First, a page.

Morphine drummer Billy Conway, whose band played some H.O.R.D.E. dates last year, believes too much has been made of the stylistic differences between the major festivals. "I think it's just different T-shirts," Conway says. "It's only the business that worries about the breakdown of boundaries. Most musicians just make music and don't worry about it."

Todd Park Mohr, singer-guitarist for H.O.R.D.E. veterans Big Head Todd and the Monsters (who have toured with the festival twice before) shares Conway's view. "I'd like to think that the musical categories that bands were lumped into are a lot less meaningful today than they were a couple of years ago."

Frey says he's not worried about competition from the more than half a dozen traveling festivals on the road this year, although he doubts H.O.R.D.E. will top the high water mark of $18 to $20 million it set last year (partly because there are fewer shows this year). In any case, he says, that's "not as important as making sure everybody has a good concert experience."

Loosened musical boundaries don't necessarily translate into relaxed attitudes about placement on a multi-artist bill. For example, H.O.R.D.E. veterans Widespread Panic withdrew from this year's festival reportedly because of financial conflicts involving outside promoters and some decidedly unmellow squabbling about who would play when. (Widespread Panic could not be reached for comment by deadline and. H.O.R.D.E. organizers would not go into detail about the dispute.)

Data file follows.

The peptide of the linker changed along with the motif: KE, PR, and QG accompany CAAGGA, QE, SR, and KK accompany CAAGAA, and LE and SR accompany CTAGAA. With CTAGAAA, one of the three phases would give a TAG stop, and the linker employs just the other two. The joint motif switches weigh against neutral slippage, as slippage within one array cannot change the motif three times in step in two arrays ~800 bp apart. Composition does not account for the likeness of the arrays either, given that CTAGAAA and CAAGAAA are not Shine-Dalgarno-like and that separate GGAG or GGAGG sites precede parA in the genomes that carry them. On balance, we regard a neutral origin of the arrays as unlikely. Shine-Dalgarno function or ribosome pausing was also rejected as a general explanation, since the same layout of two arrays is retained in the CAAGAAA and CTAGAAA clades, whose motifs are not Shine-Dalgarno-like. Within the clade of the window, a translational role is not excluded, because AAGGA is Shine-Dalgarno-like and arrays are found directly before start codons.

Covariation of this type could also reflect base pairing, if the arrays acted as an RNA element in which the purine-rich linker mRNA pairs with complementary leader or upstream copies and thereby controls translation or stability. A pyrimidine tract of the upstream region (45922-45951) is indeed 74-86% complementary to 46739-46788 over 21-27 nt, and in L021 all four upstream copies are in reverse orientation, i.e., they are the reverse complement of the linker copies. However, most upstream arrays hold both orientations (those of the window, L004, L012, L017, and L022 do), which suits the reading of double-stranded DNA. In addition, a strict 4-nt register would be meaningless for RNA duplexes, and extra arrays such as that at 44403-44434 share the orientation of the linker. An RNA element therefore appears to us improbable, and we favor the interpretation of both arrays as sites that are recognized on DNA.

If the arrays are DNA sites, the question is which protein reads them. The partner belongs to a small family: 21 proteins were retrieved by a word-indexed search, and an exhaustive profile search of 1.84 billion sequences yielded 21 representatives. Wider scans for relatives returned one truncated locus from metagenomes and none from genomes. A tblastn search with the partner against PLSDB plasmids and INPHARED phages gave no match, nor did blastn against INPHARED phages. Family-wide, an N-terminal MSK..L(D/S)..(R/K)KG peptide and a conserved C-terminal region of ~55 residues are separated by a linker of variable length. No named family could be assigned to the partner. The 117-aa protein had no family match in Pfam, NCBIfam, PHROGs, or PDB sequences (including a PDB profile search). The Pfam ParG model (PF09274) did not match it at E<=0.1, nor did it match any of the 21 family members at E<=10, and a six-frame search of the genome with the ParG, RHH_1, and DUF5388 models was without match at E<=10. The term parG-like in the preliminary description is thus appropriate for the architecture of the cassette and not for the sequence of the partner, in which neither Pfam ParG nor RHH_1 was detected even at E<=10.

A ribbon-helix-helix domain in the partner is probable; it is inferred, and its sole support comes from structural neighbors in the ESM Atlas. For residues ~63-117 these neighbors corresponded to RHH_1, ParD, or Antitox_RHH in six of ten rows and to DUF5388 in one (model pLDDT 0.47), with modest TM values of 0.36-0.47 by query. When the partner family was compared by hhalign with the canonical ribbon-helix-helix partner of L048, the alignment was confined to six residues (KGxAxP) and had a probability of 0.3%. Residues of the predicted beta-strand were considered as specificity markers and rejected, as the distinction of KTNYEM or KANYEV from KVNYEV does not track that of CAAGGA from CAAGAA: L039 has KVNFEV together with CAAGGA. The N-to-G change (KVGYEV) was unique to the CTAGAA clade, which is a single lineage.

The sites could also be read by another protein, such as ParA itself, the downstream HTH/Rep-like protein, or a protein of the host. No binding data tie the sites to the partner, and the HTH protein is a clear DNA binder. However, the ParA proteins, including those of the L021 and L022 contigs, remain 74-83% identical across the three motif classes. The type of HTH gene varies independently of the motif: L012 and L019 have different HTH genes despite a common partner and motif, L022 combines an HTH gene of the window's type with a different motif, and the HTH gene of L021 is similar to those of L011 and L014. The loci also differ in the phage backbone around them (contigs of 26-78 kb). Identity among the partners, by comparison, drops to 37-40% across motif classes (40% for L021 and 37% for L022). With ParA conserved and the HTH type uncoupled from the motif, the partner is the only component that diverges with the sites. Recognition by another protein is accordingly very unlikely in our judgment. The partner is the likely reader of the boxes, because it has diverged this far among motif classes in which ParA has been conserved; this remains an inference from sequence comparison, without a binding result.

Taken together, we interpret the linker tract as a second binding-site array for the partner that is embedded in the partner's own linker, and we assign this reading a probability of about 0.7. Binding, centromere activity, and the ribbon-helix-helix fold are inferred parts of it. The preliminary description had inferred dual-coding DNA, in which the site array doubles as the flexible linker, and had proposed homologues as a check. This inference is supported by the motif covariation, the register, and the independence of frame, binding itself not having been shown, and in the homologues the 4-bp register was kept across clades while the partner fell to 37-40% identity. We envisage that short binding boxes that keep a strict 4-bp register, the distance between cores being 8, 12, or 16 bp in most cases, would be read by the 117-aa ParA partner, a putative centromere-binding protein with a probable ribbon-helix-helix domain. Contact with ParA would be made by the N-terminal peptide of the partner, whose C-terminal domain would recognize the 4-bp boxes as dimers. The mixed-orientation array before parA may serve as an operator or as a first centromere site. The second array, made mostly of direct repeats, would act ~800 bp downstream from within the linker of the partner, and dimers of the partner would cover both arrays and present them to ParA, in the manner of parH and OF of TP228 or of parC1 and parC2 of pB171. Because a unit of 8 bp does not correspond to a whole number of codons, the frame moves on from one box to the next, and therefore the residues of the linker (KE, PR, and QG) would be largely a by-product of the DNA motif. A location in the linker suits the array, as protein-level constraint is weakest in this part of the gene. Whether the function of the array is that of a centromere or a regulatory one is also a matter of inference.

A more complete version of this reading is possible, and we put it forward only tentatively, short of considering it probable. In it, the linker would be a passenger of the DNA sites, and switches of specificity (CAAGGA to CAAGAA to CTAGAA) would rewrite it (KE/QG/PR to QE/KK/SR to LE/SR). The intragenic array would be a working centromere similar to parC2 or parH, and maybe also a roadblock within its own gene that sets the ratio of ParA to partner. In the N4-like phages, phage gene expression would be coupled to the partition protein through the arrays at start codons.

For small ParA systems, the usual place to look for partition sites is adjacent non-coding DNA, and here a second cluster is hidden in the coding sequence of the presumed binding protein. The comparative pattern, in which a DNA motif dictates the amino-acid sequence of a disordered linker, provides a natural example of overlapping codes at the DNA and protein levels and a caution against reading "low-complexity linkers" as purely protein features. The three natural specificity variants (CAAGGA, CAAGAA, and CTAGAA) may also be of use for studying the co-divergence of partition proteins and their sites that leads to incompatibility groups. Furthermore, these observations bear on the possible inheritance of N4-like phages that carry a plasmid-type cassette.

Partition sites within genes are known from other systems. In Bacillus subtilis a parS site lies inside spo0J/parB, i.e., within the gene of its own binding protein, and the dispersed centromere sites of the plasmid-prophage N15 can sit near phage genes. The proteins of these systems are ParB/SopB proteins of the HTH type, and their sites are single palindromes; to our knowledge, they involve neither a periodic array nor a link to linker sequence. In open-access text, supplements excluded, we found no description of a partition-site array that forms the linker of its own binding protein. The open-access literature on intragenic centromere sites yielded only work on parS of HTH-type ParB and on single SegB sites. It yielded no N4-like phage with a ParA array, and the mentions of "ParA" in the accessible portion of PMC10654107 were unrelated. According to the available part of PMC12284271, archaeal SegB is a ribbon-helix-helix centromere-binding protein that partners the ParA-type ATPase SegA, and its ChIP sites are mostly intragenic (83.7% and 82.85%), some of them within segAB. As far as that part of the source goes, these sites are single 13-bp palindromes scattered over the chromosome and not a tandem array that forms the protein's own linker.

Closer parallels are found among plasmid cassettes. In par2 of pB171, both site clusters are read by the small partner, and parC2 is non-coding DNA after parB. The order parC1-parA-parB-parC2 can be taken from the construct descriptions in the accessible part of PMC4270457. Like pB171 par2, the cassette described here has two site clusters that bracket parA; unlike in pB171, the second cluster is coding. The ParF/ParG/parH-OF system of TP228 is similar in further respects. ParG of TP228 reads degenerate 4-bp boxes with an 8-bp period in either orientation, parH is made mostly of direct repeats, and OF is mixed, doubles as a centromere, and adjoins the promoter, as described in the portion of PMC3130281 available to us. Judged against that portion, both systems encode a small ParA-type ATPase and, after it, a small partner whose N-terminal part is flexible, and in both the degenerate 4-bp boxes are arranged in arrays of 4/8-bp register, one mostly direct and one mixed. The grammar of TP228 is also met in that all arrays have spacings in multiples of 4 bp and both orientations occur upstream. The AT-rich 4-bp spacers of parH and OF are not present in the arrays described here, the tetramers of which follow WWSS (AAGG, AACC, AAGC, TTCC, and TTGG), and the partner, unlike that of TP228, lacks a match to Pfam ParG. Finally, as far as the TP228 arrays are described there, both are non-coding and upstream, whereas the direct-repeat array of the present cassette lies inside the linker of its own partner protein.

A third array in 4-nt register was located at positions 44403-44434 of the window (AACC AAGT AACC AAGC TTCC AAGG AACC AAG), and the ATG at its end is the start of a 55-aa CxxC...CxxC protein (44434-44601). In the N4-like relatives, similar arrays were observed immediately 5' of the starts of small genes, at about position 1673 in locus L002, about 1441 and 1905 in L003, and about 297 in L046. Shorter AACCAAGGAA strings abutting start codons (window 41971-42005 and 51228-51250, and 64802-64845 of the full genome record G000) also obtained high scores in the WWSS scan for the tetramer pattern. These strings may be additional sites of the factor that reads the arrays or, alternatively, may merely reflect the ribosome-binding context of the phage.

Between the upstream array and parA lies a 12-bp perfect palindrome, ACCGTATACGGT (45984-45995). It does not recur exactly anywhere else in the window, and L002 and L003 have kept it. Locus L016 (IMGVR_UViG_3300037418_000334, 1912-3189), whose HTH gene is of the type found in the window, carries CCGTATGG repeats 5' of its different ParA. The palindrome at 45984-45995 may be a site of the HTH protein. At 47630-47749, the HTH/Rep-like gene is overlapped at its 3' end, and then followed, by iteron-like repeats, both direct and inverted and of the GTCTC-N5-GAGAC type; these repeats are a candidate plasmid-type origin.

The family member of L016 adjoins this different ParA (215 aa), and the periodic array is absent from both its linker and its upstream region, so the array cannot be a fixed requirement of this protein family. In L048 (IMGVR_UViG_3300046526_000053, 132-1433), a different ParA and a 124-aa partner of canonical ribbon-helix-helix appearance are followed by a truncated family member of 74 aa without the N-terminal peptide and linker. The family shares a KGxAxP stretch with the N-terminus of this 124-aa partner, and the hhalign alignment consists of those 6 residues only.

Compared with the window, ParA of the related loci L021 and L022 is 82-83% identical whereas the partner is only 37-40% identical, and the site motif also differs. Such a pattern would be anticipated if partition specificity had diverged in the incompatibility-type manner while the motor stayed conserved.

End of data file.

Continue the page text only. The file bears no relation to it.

"We had some differences of opinion," Frey says. "We were looking forward to having them along for a good portion of the tour, but it looked liked things weren't going to work out in the southern part of the country where they were really strong." Frey says a representative for the band did not want them to perform earlier than originally scheduled (a request made by Frey when Beck came aboard for a two-week stint starting August 1) and felt the group "had already compromised" by agreeing to limit itself to a 75-minute set.

In a statement issued by FORCE Inc., the publicity firm handling the tour, H.O.R.D.E. booking agent Marsha Vlasic states that the festival "has never been about who is opening, who is closing and/or the egos that would make this an issue."

Meanwhile, Soul Coughing frontman M. Doughty is concerned about far more important matters - like scoring good weed. "We've finally gotten to the point where, because of our ass-kissing efforts, we finally have access to all those good drugs," Doughty says with a hearty laugh. "We've been trying to snuggle up to those jam bands for a while." In addition to the potential for nefarious activities, and playing for "an audience that wants to listen," there's always what Doughty calls Benefit Number Three: "bumping into Neil Young at the falafel stand."

Ben Folds has a vision of his own involving the granddaddy of grunge. "I'm hoping to get him to do 'A Man Needs A Maid' with the string quartet," Folds says. "It's presumptuous of me to think he'd ever do it, but I'm going to have it ready just in case. But hey, I'd be happy just to bump into him at the falafel stand like everybody else."